As I wait to join a boat to Gaza with a group of European Jews, I am asked why? Trust me I say, I have to go, there is no choice. But why so adamant, what drives me? I have long pondered this question.
I was 18 months old on November 13, 1936 when I emigrated from Nazi Germany in the arms of my mother to sail on the SS Bremen to New York . Because of the ingenuity of my father, family money and contacts we were able to leave. You see, the United States had a strict quota system for refugees and before he was able to secure our visas, my father was required to have a sponsor who would provide him with a job. One was also required to have a place to live. When we came to America, my parents, near penniless, were severed from their beloved Germany, friends, family and affluence. Settling in New York with their little daughter, they found themselves at sea in a stranger’s land, unmoored from their station in life and terribly unhappy. They brought with them a darkness that became for me a personal symbol of the nightmare of Hitler’s Germany.
My exodus although not in my conscious memory is imprinted into my very being. It planted early in my childhood seeds of rootlessness, feeling disconnected, different and apart. The dark shadows of my refugee experience, reinforced by my parents’ unhappiness, my lonely and difficult childhood, makes clearer my passion and interest in breaking down barriers and fostering understanding between people. In addition, my empathy has always been with the underdog. This is no surprise for I felt like an underdog as a child.
Try to imagine a beautiful evening in the fall of 1934. My parents decide to take an after dinner stroll in the elegant neighborhood where they lived on Feuerbach Strasse in Frankfurt. Linden trees grew tall and the air was filled with blossoms. They walked along the quiet street when suddenly from nowhere out sprang a group of young men. “Brown Shirts “ they were called, a precursor to the SS, the feared Nazi police. That was how it began, the debauchery of Germany. The men marched up to my parents and simultaneously clicked their heels. They were no more than 18 years old, clean shaven angel faces hardly out of childhood indoctrinated with hate. Were they children once? Five brown shirts, high boots laced over brown pants, Nazi flags pinned on brown caps, swastika armbands in red white and black. In high spirits they were on a path to lunacy where linden trees would bloom no more.
One Brown Shirt stepped up close to my father, a finger on his nose. He laughed then circled about. “Come see the Jew nose,” he bellowed. The others cursed and mocked. My father, elegant in a tailored suit, silk tie and expensive overcoat wore fine black leather gloves. A small Florentine gold pin engraved with a diamond “L was visible on his tie. I would see it often as a child just as I had heard this story from my father so often. My mother pregnant with me wore a sable fur hat to match the collar and cuffs of her stylish coat. As I lay inside my mother, I became an unseen witness. Perhaps that can explain my lifelong vulnerability and sensitivity to racism and fascism.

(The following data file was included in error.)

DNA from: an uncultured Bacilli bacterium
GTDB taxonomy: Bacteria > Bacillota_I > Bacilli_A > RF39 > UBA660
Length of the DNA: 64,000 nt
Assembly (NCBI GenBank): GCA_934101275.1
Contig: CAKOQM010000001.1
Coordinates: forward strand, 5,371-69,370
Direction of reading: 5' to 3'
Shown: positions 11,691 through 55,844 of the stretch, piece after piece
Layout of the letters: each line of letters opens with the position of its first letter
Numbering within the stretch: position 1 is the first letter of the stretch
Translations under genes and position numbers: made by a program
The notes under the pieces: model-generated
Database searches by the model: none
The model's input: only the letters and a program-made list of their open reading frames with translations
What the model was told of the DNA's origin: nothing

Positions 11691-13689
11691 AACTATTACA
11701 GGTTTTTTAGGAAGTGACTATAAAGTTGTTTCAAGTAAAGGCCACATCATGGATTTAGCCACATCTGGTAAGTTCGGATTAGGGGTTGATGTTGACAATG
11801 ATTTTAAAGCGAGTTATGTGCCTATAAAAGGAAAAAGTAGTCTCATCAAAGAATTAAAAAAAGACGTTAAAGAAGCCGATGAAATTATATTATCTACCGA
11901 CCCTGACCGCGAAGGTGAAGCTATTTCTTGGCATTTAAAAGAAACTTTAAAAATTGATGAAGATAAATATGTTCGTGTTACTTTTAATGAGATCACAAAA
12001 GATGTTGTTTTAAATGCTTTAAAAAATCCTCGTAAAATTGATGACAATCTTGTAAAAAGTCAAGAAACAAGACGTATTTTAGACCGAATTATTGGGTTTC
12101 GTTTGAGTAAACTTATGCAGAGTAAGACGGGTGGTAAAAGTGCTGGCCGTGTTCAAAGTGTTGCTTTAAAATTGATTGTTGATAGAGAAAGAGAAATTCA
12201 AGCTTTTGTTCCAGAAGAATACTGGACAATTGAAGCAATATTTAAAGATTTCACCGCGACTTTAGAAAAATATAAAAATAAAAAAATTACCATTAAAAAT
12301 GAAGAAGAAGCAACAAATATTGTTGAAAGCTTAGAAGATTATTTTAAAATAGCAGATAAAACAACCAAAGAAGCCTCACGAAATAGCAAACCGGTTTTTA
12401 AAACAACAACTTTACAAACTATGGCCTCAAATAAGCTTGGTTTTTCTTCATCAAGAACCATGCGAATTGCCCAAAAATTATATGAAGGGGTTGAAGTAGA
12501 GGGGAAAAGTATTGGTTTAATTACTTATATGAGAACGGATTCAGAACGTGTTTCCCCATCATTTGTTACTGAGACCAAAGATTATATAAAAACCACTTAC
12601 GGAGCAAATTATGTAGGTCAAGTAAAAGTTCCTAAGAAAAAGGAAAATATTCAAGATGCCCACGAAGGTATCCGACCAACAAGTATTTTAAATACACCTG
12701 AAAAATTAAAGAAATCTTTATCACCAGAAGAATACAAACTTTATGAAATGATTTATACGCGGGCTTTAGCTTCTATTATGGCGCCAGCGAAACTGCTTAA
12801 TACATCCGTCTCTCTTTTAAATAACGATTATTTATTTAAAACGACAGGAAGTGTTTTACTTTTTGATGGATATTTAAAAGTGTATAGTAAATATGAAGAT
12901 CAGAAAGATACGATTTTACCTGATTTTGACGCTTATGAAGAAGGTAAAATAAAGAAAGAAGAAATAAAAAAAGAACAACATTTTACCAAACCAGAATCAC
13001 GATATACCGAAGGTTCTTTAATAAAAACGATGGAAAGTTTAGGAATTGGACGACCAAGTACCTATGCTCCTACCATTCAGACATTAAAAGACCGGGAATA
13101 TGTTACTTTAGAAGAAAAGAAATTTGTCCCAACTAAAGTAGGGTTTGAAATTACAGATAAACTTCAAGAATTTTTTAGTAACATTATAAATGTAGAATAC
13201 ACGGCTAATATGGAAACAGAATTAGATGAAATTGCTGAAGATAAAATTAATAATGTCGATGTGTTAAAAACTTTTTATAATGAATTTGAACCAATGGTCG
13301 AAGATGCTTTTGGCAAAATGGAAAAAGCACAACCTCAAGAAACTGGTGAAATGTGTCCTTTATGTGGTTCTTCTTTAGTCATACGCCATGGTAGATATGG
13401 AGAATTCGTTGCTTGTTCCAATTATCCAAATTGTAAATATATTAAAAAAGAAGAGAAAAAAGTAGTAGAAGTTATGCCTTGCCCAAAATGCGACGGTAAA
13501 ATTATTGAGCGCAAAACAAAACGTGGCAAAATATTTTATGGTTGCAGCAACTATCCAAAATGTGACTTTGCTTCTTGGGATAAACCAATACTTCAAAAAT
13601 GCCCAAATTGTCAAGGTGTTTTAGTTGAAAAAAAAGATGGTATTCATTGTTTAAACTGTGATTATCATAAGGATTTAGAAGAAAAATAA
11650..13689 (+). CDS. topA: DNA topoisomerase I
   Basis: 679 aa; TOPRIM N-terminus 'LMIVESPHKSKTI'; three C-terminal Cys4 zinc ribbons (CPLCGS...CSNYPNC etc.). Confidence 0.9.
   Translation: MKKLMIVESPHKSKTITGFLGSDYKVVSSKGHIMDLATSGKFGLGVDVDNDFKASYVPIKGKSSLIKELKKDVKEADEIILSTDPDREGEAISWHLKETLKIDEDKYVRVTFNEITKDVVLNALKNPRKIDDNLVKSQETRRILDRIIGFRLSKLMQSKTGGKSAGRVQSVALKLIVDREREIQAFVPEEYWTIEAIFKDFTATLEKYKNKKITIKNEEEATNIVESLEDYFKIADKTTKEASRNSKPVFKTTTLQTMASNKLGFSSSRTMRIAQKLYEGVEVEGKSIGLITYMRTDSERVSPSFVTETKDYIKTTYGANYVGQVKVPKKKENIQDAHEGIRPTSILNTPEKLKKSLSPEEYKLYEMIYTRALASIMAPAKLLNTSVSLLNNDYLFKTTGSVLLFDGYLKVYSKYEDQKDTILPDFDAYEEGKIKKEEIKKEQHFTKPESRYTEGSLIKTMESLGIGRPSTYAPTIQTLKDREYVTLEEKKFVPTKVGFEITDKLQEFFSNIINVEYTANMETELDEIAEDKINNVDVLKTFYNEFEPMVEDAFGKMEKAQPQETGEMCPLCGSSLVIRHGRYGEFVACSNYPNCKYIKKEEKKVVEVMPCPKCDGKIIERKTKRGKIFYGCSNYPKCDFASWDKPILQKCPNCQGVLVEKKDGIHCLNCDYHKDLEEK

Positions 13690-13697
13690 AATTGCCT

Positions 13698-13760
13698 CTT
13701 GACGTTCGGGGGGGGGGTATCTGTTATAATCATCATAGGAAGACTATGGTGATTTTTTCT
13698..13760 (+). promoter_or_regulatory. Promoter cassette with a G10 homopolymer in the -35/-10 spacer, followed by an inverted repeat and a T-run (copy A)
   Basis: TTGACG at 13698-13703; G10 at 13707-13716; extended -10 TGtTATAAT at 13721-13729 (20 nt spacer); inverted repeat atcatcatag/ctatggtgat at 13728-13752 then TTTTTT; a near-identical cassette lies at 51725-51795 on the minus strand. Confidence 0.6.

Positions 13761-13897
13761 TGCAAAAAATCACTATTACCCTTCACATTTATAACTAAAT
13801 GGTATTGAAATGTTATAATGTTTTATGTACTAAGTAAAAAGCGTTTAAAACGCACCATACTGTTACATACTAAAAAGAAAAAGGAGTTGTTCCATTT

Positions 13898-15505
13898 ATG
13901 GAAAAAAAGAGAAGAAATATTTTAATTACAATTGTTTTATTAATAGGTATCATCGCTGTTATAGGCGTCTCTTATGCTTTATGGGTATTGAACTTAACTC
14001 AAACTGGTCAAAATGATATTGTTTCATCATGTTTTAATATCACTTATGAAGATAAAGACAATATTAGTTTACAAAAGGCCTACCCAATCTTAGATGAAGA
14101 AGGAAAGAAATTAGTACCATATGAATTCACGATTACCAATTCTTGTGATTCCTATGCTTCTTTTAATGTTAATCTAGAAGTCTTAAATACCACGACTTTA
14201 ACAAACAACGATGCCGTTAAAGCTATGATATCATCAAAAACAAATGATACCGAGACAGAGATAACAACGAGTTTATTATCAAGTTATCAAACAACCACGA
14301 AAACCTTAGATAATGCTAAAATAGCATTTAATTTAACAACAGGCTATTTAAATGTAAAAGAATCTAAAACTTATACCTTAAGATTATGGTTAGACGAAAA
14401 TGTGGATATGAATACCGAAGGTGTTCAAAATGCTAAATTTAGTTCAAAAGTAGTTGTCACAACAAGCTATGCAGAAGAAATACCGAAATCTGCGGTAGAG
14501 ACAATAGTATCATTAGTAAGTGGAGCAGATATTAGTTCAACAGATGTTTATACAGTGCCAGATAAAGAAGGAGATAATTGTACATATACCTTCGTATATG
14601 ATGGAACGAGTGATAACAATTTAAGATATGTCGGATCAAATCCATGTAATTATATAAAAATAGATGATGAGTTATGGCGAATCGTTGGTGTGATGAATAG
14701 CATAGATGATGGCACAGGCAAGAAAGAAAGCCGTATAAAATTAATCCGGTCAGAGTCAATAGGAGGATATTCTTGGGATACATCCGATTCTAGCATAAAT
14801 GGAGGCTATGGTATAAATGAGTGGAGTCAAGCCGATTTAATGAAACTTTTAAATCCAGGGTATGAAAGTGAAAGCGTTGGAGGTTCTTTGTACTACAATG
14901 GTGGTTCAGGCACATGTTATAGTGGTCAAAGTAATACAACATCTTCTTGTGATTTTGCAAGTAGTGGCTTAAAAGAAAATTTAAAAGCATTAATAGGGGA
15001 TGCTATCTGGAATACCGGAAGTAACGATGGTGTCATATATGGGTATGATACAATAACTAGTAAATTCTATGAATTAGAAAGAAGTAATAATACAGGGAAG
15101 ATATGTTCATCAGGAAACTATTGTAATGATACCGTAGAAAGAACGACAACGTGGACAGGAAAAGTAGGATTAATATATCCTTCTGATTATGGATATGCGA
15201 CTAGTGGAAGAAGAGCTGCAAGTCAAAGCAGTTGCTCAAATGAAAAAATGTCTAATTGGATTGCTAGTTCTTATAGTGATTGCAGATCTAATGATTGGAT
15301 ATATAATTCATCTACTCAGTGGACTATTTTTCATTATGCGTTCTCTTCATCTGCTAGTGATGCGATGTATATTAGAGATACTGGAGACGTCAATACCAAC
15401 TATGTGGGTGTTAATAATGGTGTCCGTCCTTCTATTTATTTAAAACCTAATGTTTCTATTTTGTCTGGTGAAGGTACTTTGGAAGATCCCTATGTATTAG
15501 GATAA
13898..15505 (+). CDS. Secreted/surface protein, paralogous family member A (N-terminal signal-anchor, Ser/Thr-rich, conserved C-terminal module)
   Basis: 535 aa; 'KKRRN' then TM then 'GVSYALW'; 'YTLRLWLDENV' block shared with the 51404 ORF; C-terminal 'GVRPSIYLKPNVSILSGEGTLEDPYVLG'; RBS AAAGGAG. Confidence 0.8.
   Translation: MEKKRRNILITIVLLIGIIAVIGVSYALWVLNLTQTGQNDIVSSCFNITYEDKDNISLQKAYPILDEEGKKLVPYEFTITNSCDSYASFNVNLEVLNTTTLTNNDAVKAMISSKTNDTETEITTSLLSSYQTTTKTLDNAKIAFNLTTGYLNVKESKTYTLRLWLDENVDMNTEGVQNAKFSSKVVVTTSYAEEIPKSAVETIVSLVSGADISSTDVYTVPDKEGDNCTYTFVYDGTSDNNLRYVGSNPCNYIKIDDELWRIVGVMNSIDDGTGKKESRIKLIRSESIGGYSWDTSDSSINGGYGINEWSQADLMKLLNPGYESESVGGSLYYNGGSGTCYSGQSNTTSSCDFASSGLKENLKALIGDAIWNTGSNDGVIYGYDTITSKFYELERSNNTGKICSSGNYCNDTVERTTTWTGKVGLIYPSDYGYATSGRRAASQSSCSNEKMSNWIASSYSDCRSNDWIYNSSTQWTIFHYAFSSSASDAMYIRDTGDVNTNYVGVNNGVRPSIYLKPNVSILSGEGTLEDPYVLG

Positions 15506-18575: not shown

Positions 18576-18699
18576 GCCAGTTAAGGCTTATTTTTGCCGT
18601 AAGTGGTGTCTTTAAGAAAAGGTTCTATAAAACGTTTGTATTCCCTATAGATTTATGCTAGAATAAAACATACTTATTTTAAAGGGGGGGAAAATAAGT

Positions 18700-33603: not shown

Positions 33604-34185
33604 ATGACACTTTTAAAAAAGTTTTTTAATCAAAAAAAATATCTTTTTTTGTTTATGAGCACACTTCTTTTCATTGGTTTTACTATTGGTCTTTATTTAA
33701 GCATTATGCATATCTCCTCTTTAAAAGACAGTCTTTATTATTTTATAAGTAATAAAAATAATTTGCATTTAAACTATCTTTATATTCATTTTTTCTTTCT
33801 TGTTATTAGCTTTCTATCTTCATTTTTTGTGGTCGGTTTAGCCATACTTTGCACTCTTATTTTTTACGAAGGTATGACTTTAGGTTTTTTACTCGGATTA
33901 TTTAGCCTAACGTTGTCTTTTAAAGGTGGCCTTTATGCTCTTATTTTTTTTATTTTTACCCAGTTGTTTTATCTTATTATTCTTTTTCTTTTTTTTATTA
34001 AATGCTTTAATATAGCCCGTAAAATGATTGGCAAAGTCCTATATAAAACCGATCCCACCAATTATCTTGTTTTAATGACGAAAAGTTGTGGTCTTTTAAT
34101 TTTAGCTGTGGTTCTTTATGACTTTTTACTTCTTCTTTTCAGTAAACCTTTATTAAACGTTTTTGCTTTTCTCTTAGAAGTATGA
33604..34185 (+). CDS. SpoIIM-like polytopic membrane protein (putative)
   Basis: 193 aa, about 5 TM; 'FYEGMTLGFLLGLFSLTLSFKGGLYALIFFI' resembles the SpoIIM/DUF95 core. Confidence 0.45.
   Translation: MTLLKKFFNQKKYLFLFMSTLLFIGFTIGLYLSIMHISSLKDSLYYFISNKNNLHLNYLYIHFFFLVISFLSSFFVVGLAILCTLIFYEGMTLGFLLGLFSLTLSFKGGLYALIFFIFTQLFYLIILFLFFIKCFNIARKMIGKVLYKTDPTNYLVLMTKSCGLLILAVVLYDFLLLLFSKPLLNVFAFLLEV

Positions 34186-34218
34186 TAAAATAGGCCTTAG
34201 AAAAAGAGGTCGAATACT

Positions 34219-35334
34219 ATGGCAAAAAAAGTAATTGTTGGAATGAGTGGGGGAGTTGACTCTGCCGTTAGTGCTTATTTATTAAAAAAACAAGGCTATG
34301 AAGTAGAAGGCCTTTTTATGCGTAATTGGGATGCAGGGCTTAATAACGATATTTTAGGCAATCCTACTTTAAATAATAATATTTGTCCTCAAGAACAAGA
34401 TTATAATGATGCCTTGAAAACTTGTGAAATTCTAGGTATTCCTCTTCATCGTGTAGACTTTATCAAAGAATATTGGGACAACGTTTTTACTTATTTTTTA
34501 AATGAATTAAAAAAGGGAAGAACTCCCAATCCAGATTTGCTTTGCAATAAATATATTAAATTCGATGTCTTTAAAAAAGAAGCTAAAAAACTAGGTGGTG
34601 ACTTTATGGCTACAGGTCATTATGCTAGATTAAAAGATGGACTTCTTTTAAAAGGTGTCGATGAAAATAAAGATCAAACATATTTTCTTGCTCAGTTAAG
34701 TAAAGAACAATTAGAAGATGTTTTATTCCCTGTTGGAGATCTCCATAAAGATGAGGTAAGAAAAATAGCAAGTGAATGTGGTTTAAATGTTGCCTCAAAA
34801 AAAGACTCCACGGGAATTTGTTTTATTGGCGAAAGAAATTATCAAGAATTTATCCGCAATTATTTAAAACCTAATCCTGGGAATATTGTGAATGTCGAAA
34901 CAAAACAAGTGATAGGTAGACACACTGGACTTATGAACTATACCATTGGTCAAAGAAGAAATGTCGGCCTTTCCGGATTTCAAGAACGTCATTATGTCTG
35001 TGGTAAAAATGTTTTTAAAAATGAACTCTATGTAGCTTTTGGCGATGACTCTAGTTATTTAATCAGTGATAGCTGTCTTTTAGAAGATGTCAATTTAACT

Number two kicked, taunted, cursed, then punched my father in the face until he bled. The others kicked him onto the ground. The Brown Shirt angel faces in high spirits kicked some more and marched away. This episode was a deciding factor in my father’s decision to leave Germany. It took him two years to get us out.
My earliest memories are of a lonely child who did not know whether she was German or American. As much as I longed to be American, I felt different, sensitive to criticism from my parents who raised me in with a strong, critical hand. I tried to push the German part of me underground until I was ready many decades later to explore my history and roots. I cannot remember a time when I did not identify with the underdog, the oppressed and suffering. I learned oppression as a child and lived it through my parents. Who’s to say all the factors? I am a pacifist and believe that underneath the skin differences, cultural differences and past all the indoctrination and prejudice (more or less learned behavior,) we are all connected and long for dignity and personal freedom. We witness the generations of hate perpetuated between Israel and Palestine whereby the “other” is no longer human.
Is not my story everyone’s story? Am I different from a Palestinian or a Jew or Mexican? Am I different from a Syrian or African ? It is only the story that differs. Dig deeper and we find mirrors of ourselves in everyone. Now this elder hippy grandma shouts to all who will listen, NO MORE WARS, NO MORE GUNS, NO KILLING, NO BRUTALITY, NO OCCUPATIONS, NO MORE ORPHANS OR LANDMINES OR BATTLEFIELDS OR NAKED ROTTING CORPSES THAT HOLD SECRETS OF DREAMS SNUFFED OUT.